Capturing attention in the attention deficit economy
This article is part of a series of articles on capturing attention in the attention deficit economy. Read more.
The study of the attention economy is graduating to the wide-scale adoption of consumer attention as the key measure of advertising success. Likewise, there is acceptance that attention should become a cross-platform currency unto itself. This is exciting for those of us who have been advocates of appropriately captured attention in advertising research. By appropriately captured attention, we mean measures of an unconscious behavioural reaction, not an attitudinal construct, such as recall or self-reporting.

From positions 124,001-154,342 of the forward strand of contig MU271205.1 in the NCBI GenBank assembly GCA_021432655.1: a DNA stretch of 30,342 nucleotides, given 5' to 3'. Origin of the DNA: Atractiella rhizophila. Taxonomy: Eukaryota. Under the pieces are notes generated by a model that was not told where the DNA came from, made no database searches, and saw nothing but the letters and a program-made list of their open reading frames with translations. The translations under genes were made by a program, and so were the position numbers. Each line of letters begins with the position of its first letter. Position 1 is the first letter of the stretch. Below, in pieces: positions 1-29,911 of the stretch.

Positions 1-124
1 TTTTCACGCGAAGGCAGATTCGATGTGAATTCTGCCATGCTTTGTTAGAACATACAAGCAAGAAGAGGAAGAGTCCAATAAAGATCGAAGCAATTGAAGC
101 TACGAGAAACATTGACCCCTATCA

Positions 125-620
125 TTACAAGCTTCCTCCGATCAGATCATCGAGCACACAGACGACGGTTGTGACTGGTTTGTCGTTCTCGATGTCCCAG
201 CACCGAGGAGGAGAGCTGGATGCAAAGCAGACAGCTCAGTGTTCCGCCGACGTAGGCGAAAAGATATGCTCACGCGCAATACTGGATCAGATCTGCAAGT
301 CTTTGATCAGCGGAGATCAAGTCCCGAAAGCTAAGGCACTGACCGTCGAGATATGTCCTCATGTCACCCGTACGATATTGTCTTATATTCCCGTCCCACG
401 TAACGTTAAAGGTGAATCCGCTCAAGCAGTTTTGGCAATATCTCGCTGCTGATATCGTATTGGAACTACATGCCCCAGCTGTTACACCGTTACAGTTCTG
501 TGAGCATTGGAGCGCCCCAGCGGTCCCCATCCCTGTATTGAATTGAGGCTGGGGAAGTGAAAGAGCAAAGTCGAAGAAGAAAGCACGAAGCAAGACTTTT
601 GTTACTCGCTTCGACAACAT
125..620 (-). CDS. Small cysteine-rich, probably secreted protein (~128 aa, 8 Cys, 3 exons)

Not all attention measurement is equal. In our own work, we have been able to demonstrate the vast difference between attention measured using a machine and that reported by a human. We have measured attention in two ways across 28 advertising effectiveness studies over the past couple of years. We have used machine learning to determine whether research respondents are really paying attention to advertising, and have asked the respondents for their own perceptions of the attention they have paid to viewed material. Comparing the two measurement methods with the same individual respondents has highlighted dramatic differences between man and machine. Respondents struggle to accurately describe the attention they pay to advertising: their reports are not even close to what the machine tells us. Across our studies, 50% of respondents over-reported their attention by an average of 42%, while the remainder under-reported by an average of 36%. In addition, self-reported attention is not even closely aligned with change in later buying behaviour, while attention captured using a machine is. Clearly, human self-reporting and machine measurement of eyes-on-screen attention is not the same. Measurement by machine is more granular (i.e. output is five times a second), enjoys improved objectivity, and benefits from reduced interference from a myriad of other variables that can affect a human survey response.